Thanks for clicking this link............


21 May 2010


A Wryneck in Goryokaku Park this morning. It was calling loudly (the call is very similar to a Grey Headed Woodpecker which I thought it was at first). Not a great shot but a nice find and the only migrant of the day.................summer must be coming as it was rather warm and humid too.

I got up early to take a Red Cheeked Starling video and this time I remembered to bring my tripod and the results were much better. If you double click on 'vimeo' you can check the HD version.

In the same tree was this Tree Sparrow. The HD version is quite good, click in the right.

It was a bit foggy/hazy and I aborted plans to catch a ferry to Oma to check out the offshore Pharalope migration. Mt Hakodate was also very misty in the morning so I went to Yunokawa. I could see flocks flying west about 500 meters out, record shots confirmed they were all Red Necked Pharalopes (I couldn't find any Red Pharalopes which would have been a local tick).


19 May 2010

Oriental Reed Warblers

An Oriental Reed Warbler singing next to the river near my apartment this afternoon. This is a common summer visitor, on the 2KM stretch of river (in the middle of town) there are usually about 10-12 singing males every summer.

They are normally pretty shy but today 2 males were squabbling over territory (ie fighting over who gets to sing from the top of the coolest tree) and didn't pay me much attention.

They have a very noisy song and it was one of the typical sounds of summer in Hakodate.

The vegetation is growing visibly by the day and soon they will be nesting.

I took a wobbly handheld video, the camera's internal mic picked up more wind than birdsong alas. If I was serious about video I would be using my tripod and would have invested in an external mic by now................

I got up early this morning after one of the people I teach told me she'd seen some odd looking birds flying over the sea near her apartment. About the size of sparrows, all flying in unison, sometimes landing on the water to feed. they could only have been Pharalopes. I went down to the bay area where she'd seem them yesterday but there was nothing doing...............

My wife also showed me a newspaper cutting of a Yellow Browed Bunting (a pretty rare visitor) in  a local park a couple of weeks ago.................

I can rely on the Red Cheeked Starlings any time though.

The cherry blossoms are starting to fall, soon the background will be green instead of pink or white.

And here's a wobbly handheld video I took of the Starlings. It is really hard to hold a heavy 400mm lens still whilst looking at the screen on the back of a camera............

A few days ago the last batch of migrants were passing through. This Asian Brown Flycatcher got me thinking of Sooty Flycatcher as it appeared a little darker and scruffier than most of the Asian Browns I see. But it when I got home and looked at the pics it wasn't a Sooty at all.

It was sharing a clump of trees/bushed with a female Blue and White Flycatcher, an Eastern Crowned Warbler, a Sakhalin Leaf Warbler, 2 pairs of Red Cheeked Starlings and a pair of Black Faced Buntings. the latter species seems commoner than ever this spring, there are 4 or 5 singing males on the river. They are real skulkers though, here's one from today.

It's going to rain tomorrow so on Friday I need to be pro-active and go out there and find me some Red Necked Pharalopes. Some springs they are abundant and tens (or even hundreds) of thousands of birds pass Hakodate. Usually they are well offshore (you can see them with the naked eye though). I'd love for some to come close enough inshore to photograph.........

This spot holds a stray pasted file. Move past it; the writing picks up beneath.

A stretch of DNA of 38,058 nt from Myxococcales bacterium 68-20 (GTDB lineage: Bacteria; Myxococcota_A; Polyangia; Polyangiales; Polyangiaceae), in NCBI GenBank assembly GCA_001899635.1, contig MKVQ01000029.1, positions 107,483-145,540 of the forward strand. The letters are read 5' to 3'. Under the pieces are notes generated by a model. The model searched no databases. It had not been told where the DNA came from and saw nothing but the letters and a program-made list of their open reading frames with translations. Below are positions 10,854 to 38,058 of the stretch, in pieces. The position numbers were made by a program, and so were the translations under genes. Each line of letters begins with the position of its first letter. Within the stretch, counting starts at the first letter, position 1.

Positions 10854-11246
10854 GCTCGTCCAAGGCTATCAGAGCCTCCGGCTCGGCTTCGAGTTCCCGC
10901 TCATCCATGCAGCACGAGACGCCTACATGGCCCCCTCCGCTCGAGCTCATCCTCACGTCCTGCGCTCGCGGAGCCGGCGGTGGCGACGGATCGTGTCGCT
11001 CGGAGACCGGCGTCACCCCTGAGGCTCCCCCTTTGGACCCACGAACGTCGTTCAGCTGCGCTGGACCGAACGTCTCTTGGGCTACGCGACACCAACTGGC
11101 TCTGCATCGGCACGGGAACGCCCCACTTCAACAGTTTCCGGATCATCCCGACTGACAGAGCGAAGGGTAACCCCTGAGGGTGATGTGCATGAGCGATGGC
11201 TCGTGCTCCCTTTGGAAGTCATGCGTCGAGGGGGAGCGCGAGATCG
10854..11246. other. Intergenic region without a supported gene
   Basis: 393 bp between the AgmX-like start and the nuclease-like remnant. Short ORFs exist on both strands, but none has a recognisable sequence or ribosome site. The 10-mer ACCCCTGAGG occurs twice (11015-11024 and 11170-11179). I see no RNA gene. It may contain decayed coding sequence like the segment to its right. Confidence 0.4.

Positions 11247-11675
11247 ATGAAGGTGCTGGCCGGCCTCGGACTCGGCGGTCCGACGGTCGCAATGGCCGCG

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***Once again I'm having problems with publishing comments. On my dashboard it keeps telling me I have comments to publish but when I click the link it says there aren't any....................mysterious.

If you've left a comment and it hasn't appeared I apologise.

This blog is free so I can't really complain................but hey, someone,  sort it out!***

17 May 2010

Red Cheeked Starlings in the cherry blossoms

Some male Red Cheeked Starlings in Goryokaku Park.

I spent the last couple of mornings watching a small colony of Red Cheeked Starlings in a very handy location in the main park in town and despite the crowds I got some nice pictures.............

The cherry blossoms were rather late this year and perhaps in most springs this scene doesn't happen so often...............

As you can see the females are a little dull by comparison but they still have their charms............

But most of the time I was concentrating on the males......

I took lots of shots..................................occasionally they did something a little interesting.........

They were nestbuilding...............

A very photogenic bird you have to admit..................

My wife had found the tree with these Starlings on Saturday. We could stand on the old ramparts (the park used to be a fort) and look at the tree top at more or less eye level.

On the day my wife found them there were lots of White-eyes in the park but by the time I got there on Sunday most had gone and I didn't get any shots. 

This morning I was very surprised to see 3 Grey Tailed Tattlers in the park flying around the moat looking for somewhere to land................I couldn't get a photo of them though.

The light was very good, the sun was behind me and I was down at ISO 200 or even 100 most of the time.

When they left the trees I couldn't afford such luxuries.........

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The last post's pics may look a little odd because I forgot to change the colour profile to sRGB. On some browsers/monitors the colours will appear dull and washed out.............I'm a tad lazy and I can't be a***d to go back and change it now..................